In analysis of the 450,000 subjects typed for around 250,000 variants on the exome array (most of them coding, though the array does also include a proportion of non-coding variants that come in useful, such as known GWAS signals), we found 69 coding variant associations (representing 40 distinct signals at 38 genes) that reached the threshold for study-wide significance. Around 60% of those mapped to known GWAS loci, and 90% of those variants were common. (So despite our efforts to do a better job of scanning low-frequency variants, we picked up relatively few signals in that space: this speaks to the dominant role played by common variants in common disease predisposition, but that’s a story for another day).

Because the exome array provides only a very patchy view of the variation in the regulatory “sea” that sits between the coding “islands”, we had to turn to GWAS data to fill in the gaps, and to place those coding variant associations in their wider context. The fact that so many of our associations were common made this possible in a way that would not have worked if the coding variant associations had been rarer. We interrogated a set of around 500,000 European individuals with GWAS data, in whom we performed fine-mapping for 37 of the 40 coding variant signals (there were three where this wasn’t feasible for a variety of technical reasons). Fine-mapping seeks to break down the tight correlations between associated variants and home in on those that are most likely to be driving the association.
How would the coding variants fare in such an analysis? Would they rise to the top and be highlighted as the causal variants, or would they be supplanted by other (non-coding) variants on the same haplotype?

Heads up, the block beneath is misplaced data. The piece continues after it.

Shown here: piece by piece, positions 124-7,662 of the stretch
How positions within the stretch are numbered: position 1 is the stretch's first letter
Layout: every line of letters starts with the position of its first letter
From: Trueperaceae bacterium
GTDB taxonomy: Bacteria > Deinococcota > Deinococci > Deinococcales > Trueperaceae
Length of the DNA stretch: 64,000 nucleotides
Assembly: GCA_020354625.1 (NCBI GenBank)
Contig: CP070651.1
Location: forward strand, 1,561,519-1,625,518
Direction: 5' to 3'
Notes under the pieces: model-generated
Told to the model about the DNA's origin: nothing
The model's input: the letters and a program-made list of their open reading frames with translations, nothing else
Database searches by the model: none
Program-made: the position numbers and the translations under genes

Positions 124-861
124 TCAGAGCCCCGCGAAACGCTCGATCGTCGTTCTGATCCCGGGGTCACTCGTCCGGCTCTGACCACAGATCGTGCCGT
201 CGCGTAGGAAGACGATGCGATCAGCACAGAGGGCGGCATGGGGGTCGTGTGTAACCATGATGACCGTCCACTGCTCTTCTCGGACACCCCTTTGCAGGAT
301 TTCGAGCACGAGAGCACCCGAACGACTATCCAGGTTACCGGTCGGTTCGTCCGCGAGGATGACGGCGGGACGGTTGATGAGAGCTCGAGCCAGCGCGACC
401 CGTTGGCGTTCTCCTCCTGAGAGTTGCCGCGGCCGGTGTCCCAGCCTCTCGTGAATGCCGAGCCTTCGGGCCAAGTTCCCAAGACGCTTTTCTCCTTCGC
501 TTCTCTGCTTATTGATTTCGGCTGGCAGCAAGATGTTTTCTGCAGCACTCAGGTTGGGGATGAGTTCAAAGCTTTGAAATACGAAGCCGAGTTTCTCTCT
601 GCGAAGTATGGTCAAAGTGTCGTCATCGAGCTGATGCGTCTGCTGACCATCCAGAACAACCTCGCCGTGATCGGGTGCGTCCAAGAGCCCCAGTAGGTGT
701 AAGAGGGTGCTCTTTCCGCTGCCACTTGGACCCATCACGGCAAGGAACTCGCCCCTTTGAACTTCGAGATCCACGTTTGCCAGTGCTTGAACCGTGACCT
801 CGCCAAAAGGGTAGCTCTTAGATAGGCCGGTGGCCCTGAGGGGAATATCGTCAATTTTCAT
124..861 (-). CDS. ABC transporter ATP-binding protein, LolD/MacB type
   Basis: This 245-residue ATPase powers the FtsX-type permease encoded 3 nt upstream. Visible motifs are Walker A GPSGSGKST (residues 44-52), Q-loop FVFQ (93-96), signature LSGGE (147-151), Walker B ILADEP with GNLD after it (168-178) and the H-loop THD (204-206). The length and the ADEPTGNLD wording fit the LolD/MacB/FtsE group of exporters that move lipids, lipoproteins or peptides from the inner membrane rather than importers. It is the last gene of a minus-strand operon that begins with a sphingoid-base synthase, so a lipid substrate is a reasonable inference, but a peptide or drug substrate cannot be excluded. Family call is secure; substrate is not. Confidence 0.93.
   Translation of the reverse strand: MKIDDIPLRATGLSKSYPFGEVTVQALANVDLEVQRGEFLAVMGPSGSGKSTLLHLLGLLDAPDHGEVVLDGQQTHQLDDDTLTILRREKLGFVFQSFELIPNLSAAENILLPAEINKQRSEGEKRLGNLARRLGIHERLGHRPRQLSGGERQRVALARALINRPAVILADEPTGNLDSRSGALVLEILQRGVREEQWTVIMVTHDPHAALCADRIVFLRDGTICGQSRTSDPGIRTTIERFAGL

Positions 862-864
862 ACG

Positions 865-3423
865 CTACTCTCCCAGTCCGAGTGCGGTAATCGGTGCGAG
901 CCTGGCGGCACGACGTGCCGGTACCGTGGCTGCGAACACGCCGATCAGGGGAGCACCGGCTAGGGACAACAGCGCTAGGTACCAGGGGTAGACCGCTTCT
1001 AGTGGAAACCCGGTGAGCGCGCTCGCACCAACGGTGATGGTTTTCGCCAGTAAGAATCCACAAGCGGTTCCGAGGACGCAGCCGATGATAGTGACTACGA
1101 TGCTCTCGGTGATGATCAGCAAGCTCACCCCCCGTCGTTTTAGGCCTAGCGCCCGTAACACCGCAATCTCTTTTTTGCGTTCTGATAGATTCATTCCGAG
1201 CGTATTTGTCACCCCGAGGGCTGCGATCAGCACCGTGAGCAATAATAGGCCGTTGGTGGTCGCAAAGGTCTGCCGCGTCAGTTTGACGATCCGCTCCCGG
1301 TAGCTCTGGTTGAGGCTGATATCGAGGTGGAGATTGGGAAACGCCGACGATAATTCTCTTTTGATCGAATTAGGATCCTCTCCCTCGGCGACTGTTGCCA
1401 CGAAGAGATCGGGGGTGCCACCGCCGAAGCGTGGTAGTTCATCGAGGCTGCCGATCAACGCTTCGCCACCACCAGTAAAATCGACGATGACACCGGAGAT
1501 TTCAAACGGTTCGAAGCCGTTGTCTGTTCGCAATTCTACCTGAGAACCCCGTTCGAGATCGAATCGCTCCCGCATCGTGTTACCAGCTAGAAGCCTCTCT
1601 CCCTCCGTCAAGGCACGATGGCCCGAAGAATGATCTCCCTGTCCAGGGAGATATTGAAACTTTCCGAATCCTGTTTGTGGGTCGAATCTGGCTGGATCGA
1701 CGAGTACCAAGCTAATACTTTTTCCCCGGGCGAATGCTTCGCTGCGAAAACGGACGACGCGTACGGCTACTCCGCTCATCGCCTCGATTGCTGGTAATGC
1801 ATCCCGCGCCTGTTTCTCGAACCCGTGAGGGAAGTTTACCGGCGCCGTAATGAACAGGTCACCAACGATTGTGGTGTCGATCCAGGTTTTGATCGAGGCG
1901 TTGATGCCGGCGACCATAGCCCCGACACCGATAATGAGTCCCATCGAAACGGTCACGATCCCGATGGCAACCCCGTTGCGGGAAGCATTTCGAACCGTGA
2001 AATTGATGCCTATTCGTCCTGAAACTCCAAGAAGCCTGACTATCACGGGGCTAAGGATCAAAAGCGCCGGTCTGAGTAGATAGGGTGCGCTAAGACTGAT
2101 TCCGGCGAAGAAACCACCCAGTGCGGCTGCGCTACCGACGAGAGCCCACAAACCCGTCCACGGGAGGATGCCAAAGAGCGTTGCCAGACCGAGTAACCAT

In the first analysis, we afforded the coding variants no special status. We used genetic evidence alone to try and tease apart causal variants from “hitch-hikers”. At only two loci (out of the 37) did the coding variants emerge with strong credentials as the causal variants for their respective association signals. But we felt this more than anything reflected strong correlations amongst common variant signals and the limited power (even in 500,000 subjects) to discriminate between them on genetic evidence alone.

So, in the next round of analysis, we attempted to bring additional data to the table. In particular, we were keen to afford coding variants the boost that their enrichment across GWAS signals deserves (that is to recognise the fact that “pound for pound”, the average coding variant is more likely to be involved in a GWAS signal than the equivalent noncoding variant).

We used data from a large study from colleagues at DECODE which had analysed GWAS for over 200 traits, and estimated genome-wide enrichments not just for coding variants vs non-coding variants, but also captured some of the granularity within each (eg coding variants with different levels of predicted impact on protein function). We could use these estimates to up/down weight each of the variants on the risk haplotypes, and get a more detailed view of which variants were most likely to be driving the associations, one that was informed both by the genetic fine-mapping results, and these assessments of genome-wide functional enrichment.